Warm weather is here (finally), which means it’s time to shed our layers, don short sleeves and soak up some vitamin D. If you’ve missed the sun as much as we have, you likely want to be as high up as you can, preferably with a cocktail in hand. Thankfully, warmer weather also means rooftop bar openings. Here are some of the roof bar openings across the country that we’re most excited about. Note: You’ll notice a northern focus. Don’t take it personally if your favorite Southern or West Coast spot didn’t make the list. This only includes seasonal bars that are reopening after a long winter.
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When the weather gets warm, the bar on top of the roof of The McKittrick Hotel is transformed to look like a secret garden in a Scottish train station. It’s more Victorian England than Big Apple. Guests can choose to sip on seasonal, large format punches or potent cocktails filled with fresh fruit. On the weekends, there’s brunch in the garden while live music plays in the background.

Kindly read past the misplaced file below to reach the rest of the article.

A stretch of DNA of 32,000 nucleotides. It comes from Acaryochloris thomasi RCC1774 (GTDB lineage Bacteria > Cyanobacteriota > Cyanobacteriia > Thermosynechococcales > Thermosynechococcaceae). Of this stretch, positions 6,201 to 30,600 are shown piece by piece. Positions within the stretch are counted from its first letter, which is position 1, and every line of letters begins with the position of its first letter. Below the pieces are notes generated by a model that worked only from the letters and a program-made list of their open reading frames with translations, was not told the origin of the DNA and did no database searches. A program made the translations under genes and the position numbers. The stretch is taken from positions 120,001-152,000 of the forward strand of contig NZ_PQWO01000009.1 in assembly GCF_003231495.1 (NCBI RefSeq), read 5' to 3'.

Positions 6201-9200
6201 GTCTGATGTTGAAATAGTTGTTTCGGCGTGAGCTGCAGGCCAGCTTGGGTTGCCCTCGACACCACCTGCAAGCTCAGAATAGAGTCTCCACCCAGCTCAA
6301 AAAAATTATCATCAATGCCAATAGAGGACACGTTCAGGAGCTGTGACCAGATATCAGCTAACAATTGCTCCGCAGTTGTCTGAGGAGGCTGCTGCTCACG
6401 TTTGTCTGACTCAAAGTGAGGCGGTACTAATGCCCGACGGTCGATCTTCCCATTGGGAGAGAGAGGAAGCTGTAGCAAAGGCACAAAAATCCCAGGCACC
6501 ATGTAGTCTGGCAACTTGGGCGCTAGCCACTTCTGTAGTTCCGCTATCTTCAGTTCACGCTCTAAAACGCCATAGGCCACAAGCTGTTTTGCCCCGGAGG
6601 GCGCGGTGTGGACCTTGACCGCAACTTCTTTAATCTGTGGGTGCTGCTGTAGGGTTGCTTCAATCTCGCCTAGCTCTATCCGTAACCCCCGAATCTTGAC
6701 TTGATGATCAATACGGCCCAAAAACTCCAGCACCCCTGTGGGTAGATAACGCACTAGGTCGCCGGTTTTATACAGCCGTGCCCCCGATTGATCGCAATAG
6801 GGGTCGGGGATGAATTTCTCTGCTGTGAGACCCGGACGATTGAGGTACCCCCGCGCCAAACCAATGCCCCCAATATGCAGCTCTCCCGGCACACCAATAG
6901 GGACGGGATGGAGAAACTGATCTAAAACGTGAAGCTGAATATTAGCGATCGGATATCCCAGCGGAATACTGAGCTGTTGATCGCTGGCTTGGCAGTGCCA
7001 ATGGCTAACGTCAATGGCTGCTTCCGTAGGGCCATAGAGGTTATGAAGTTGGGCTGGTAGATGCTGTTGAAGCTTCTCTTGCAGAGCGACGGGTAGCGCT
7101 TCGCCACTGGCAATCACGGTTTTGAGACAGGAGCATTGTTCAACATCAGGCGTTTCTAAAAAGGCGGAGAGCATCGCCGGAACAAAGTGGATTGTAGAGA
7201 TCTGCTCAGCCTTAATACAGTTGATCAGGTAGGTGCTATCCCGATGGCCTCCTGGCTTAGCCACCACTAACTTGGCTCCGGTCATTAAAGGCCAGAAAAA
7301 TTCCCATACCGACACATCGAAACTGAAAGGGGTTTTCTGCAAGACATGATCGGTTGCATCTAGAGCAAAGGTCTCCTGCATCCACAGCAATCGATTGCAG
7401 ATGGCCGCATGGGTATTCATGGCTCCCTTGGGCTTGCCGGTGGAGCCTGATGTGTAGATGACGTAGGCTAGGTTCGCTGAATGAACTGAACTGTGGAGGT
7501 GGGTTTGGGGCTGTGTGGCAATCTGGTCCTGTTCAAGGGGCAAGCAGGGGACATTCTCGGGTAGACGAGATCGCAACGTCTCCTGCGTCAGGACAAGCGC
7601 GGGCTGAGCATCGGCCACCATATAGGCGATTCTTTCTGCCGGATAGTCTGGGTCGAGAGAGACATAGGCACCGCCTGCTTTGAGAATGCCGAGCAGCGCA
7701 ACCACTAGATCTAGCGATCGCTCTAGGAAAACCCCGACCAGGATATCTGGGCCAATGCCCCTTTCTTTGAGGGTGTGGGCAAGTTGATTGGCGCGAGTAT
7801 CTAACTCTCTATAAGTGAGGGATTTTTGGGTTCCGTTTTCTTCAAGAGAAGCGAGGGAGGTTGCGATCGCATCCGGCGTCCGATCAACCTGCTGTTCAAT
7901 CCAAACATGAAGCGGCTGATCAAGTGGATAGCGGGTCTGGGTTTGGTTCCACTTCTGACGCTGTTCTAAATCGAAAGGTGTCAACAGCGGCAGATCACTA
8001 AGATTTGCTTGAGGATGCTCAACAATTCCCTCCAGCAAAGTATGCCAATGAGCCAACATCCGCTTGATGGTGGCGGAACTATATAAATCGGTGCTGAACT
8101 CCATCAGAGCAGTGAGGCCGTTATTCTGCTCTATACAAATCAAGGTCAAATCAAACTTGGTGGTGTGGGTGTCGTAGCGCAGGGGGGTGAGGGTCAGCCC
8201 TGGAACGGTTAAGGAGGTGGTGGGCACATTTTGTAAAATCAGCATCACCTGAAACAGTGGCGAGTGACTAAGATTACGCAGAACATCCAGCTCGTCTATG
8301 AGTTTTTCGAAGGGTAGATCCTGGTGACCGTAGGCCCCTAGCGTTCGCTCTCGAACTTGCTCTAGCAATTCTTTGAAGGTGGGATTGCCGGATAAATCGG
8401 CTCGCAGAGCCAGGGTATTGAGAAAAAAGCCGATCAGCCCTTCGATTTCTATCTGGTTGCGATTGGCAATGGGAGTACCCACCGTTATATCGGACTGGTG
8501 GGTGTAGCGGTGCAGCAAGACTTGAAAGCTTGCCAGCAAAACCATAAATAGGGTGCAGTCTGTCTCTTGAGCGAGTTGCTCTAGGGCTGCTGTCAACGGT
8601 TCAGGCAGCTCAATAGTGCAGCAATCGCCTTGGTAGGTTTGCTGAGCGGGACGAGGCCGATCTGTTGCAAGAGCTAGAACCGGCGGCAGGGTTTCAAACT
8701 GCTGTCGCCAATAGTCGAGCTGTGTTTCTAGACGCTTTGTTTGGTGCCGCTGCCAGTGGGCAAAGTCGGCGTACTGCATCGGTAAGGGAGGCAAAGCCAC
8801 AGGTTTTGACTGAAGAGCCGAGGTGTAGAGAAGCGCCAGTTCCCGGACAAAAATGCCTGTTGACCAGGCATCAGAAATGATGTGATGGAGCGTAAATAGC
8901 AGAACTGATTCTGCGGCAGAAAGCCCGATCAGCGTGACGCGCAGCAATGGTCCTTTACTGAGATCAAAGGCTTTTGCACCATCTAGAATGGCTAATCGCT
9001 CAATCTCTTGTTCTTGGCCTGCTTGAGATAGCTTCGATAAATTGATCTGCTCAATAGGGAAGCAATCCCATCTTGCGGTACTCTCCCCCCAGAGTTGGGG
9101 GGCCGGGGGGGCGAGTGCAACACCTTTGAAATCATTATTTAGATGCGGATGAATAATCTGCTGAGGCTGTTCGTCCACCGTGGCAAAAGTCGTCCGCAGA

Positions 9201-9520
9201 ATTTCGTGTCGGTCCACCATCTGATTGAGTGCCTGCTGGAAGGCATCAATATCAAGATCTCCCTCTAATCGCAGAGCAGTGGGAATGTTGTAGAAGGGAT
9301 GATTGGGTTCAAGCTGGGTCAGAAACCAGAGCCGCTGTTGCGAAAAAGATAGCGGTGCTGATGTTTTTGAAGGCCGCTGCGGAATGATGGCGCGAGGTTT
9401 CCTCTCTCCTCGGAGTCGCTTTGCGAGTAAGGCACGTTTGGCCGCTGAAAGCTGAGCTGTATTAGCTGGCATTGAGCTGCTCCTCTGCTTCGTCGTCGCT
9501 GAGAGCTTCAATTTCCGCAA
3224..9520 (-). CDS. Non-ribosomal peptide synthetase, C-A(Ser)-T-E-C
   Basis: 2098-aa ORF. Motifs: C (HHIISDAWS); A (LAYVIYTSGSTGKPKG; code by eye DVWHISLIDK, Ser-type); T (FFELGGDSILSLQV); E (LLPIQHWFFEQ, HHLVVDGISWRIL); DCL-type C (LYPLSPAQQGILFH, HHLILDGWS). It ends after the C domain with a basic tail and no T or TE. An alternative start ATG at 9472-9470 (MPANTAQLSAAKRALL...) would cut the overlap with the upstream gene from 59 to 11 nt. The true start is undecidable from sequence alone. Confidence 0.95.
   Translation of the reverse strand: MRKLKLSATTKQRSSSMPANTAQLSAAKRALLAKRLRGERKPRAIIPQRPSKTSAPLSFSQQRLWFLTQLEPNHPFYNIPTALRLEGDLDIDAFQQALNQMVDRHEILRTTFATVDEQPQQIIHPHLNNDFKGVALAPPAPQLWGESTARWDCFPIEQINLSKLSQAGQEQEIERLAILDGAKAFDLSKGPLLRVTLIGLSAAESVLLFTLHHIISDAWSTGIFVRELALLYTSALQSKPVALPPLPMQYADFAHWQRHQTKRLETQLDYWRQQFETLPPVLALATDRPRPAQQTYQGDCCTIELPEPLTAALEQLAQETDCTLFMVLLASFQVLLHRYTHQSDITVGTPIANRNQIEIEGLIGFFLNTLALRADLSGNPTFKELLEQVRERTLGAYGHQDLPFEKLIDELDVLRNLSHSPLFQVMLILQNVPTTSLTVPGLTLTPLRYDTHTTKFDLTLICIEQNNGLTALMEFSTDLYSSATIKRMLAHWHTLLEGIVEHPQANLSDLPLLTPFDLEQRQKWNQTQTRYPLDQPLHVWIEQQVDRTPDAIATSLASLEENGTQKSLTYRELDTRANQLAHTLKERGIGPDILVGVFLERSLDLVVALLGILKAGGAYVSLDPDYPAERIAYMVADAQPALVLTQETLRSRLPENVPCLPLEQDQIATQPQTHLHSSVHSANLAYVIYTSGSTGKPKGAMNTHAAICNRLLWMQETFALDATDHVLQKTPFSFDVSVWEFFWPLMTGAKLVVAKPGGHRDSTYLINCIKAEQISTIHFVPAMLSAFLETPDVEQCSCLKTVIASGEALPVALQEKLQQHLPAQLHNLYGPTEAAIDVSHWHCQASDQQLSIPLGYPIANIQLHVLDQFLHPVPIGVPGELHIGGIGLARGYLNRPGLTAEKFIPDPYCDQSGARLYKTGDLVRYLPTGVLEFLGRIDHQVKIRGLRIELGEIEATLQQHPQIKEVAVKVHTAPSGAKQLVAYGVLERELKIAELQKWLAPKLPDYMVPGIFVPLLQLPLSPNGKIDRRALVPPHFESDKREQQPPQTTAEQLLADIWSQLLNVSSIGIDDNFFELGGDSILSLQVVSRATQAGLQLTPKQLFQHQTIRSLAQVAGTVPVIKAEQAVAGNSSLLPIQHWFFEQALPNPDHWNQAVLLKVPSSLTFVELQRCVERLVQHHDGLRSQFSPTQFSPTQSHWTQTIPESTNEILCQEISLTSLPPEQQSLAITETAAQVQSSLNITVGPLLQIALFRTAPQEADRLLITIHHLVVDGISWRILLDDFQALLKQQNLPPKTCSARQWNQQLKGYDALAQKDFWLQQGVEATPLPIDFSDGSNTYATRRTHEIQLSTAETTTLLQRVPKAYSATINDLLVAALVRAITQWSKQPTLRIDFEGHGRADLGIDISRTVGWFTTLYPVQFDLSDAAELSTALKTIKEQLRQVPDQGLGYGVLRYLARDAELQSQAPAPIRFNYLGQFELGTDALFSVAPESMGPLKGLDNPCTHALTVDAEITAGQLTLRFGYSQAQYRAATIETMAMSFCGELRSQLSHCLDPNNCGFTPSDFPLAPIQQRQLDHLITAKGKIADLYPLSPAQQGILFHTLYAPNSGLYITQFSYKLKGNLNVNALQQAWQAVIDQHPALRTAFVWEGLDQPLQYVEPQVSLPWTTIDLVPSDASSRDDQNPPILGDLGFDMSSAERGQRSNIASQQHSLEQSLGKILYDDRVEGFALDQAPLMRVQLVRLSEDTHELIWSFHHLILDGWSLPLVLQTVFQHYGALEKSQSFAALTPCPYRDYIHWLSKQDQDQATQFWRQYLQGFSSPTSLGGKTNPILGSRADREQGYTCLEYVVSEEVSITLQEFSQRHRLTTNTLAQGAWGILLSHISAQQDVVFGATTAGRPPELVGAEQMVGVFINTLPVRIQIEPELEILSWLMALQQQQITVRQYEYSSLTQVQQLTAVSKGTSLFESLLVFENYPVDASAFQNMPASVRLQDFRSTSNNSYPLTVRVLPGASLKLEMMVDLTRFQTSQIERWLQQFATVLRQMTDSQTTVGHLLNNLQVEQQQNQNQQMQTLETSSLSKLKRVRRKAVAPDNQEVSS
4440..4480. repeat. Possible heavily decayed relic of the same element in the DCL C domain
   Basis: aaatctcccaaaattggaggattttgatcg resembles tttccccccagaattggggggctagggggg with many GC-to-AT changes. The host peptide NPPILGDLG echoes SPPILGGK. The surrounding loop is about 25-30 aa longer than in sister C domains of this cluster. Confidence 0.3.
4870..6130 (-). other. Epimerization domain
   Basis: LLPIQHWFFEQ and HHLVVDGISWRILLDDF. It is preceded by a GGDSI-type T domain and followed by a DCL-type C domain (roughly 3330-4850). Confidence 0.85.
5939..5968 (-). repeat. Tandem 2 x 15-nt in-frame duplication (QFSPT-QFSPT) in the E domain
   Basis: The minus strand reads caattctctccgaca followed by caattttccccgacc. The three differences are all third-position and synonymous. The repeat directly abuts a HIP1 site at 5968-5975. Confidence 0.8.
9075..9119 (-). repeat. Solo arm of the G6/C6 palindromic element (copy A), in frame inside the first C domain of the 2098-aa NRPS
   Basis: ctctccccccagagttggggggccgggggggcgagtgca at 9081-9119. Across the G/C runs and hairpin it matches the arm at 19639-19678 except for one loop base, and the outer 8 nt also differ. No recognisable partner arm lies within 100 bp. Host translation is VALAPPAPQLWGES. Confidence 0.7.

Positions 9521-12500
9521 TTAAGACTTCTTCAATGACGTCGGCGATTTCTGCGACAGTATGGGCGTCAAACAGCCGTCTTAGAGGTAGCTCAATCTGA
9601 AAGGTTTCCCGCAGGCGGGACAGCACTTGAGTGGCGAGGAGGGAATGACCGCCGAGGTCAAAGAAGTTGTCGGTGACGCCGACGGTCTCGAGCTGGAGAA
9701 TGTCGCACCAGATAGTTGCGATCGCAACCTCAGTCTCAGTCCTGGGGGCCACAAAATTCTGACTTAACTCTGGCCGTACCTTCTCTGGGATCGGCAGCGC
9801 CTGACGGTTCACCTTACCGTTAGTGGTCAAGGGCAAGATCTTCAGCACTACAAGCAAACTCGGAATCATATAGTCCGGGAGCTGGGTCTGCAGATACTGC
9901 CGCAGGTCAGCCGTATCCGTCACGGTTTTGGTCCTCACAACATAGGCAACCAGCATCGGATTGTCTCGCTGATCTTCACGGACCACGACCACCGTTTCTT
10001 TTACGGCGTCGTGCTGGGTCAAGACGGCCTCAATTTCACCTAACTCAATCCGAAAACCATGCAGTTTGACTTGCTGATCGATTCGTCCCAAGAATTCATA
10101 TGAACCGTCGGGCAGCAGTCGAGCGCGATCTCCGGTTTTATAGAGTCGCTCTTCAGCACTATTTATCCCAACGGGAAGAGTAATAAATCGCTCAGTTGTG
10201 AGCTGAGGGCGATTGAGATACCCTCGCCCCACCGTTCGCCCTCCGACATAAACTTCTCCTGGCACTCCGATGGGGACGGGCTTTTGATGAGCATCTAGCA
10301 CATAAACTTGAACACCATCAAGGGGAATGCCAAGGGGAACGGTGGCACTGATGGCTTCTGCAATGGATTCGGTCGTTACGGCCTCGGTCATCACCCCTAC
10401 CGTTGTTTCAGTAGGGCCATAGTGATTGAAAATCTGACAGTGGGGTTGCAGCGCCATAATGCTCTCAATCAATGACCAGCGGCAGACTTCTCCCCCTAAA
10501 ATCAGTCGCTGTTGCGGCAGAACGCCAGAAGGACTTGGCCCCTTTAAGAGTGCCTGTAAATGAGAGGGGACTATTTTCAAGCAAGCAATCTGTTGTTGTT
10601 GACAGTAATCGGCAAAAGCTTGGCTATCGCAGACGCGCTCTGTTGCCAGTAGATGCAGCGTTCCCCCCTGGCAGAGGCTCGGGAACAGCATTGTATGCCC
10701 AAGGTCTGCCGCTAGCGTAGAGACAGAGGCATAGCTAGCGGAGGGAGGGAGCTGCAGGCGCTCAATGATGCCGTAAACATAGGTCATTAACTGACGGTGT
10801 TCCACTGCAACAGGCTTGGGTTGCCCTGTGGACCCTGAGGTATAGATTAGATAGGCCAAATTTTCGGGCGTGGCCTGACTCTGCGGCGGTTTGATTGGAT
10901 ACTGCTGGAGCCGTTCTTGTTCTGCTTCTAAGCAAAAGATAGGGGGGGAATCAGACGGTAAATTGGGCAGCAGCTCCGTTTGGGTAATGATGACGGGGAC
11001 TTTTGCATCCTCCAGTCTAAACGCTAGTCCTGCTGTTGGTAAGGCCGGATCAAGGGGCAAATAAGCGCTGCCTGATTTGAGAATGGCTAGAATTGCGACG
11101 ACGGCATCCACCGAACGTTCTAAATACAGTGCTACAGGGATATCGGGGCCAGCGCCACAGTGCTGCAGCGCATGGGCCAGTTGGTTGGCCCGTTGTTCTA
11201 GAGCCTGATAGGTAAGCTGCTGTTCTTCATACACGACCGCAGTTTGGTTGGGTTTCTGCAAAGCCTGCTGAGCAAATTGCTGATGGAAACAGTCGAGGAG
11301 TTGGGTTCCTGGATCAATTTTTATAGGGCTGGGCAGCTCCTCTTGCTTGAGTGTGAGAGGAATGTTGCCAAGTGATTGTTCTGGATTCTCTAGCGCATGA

Unobstructed views of Manhattan, umbrellas, rosé and tiki drinks—is there a more quintessential rooftop experience? Multiple frozen drink machines churn out the hits like Piña Coladas and Miami Vices. Extra strong Zombies and the beer-based Afternoon Delight (Tanqueray 10, Campari, lemon and Stone Tangerine Express IPA) will have you feeling just right. Also of note: all of the eats. James Beard Award-winning chef Tim Cushman created the menu and will have you ordering more small bites than you knew you could eat.